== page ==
Meagan Masterman
WE WERE BLIND DRUNK BY NOON


We were blind drunk by noon. I woke up in my car when the sun was fading out. My grogginess fell away, replaced by mounting horror. We were in the parking lot of the LL Bean flagship store. I had no idea how we’d gotten to Freeport. It was three hours away from our houses. You were passed out in the backseat, your forehead pressed against a gallon jug of windshield washer fluid.

Your beard was scruffy and quite blond. I rubbed my own beard, enjoyed the dull scratch of it against my palm. I needed a drink. There were bars in this town but none of them were for us. We were no good. Freeport is a tourist town meant for people who wear boat shoes, capris, tasteful asymmetric haircuts. Not for us.

I shook you awake. You dry heaved over and over into whatever empty thing was close – a McDonald’s bag, a travel mug, an empty fifth of rum. I wiped the spittle off of your mouth with the sleeve of my sweatshirt.

It was dark by the time we got out of the car. You said you needed air. I was still shaky on my feet. There were several LL Bean stores arranged around a central courtyard. We went into the one with bedding. You wanted to climb on the display bed, like a child. But we couldn’t risk the cops discovering the empty bottles in the car, nor the other things that the light of a cop’s flashlight must never touch.

I looked at the cardboard cutouts of healthy men with square jaws. Their beards were lovely. I told you about a YouTube video I’d seen where they told you how to set your eyes so they looked better on camera. “It’s called squinching,” I explained. You nodded and told me how your face looks greasy in every photo. I told you it wasn’t true. You put one hand on the cardboard cutout.

You jerked away to look at us in the mirror. You were not a healthy man and neither was I. We had broken backs. We met on a lobster boat and then we broke our backs. On the sea there is no law so we snorted oxys together. You got them from your sister-in-law, initially. You hadn’t mentioned her in months and I was afraid to ask.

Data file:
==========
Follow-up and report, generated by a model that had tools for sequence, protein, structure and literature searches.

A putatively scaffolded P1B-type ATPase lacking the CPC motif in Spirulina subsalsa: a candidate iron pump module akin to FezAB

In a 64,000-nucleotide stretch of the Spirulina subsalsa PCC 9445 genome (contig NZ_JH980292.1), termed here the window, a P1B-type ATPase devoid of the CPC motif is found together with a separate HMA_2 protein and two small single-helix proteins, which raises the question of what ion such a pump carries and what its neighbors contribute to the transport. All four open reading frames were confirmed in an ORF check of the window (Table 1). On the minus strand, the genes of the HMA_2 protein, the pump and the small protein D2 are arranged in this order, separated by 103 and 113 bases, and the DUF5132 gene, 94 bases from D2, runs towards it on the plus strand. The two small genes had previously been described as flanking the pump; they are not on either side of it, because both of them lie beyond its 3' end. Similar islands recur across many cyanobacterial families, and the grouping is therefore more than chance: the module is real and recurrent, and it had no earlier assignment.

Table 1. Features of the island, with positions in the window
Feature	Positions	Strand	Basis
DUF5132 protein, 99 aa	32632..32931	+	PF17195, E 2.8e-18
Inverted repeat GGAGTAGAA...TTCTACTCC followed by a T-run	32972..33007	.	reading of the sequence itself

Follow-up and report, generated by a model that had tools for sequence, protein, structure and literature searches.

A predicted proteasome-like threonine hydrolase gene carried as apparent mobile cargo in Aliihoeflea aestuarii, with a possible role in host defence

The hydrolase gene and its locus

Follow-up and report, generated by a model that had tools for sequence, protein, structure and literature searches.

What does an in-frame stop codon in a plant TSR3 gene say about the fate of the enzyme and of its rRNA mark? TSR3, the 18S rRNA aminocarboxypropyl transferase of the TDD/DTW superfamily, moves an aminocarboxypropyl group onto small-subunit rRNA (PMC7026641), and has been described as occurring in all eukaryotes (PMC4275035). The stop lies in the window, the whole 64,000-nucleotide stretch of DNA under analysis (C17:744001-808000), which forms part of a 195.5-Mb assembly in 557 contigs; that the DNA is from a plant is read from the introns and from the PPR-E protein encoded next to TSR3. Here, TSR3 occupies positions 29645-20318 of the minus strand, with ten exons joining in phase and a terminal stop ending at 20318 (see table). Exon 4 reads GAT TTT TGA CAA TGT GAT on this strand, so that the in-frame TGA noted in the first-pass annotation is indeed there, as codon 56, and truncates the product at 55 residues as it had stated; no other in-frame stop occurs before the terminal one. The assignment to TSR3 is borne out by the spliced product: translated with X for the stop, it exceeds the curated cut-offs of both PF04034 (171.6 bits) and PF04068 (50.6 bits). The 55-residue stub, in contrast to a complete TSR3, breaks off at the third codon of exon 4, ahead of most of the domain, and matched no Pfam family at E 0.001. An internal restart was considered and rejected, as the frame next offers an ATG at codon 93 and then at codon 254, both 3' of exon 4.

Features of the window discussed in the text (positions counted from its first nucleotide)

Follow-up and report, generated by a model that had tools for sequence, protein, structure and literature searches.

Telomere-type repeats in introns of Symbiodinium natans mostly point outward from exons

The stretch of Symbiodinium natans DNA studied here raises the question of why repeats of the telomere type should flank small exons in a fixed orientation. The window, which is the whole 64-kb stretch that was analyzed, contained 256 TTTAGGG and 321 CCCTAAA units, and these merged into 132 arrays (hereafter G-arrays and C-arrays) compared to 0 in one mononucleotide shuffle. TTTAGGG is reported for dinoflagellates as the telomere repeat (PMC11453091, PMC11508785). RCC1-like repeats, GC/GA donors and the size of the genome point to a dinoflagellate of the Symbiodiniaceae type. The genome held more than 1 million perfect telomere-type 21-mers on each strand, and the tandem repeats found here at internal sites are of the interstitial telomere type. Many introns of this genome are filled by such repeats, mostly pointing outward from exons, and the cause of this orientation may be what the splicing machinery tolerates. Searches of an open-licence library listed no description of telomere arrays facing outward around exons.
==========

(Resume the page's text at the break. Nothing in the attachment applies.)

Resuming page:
Lobstermen get off work at six in the morning and are blind drunk by noon. We continued the tradition, even though we can’t work anymore. There is a scar that runs down half your right thigh and I have never asked you why.

The shop girl was nervous. She muttered into her radio and a burly man appeared. He glared at us. I wanted to pull you away but you wouldn’t quit it. You unfolded every shirt in a display of polos. I was forced to promise that I’d buy you a beer. Still you wouldn’t go. “Rock Me Amadeus” played on the store PA. You told me that the guy who sang that got drunk, snorted a bunch of cocaine, and crashed into a bus. You laughed. My teeth chattered at the thought that we are the kind of men who laugh at that. The burly man was coming closer. I convinced you.

In the car you stuck your head between your knees and complained of vertigo. I wanted to tell you that we need each other. I wanted to place my hand on your shoulder and let you know that we’ll be together until one of us dies. Then I would tell you how that will never be long enough to qualify as “forever.”

But I couldn’t. We had to go. I sped towards somewhere we could be alone.








Meagan Masterman'swork has previously appeared in Unbroken Journal, Reality Hands, Specter Magazine, and more. She lives in Massachusetts and grew up in Maine. She haunts twitter with the handle @MeaganWords.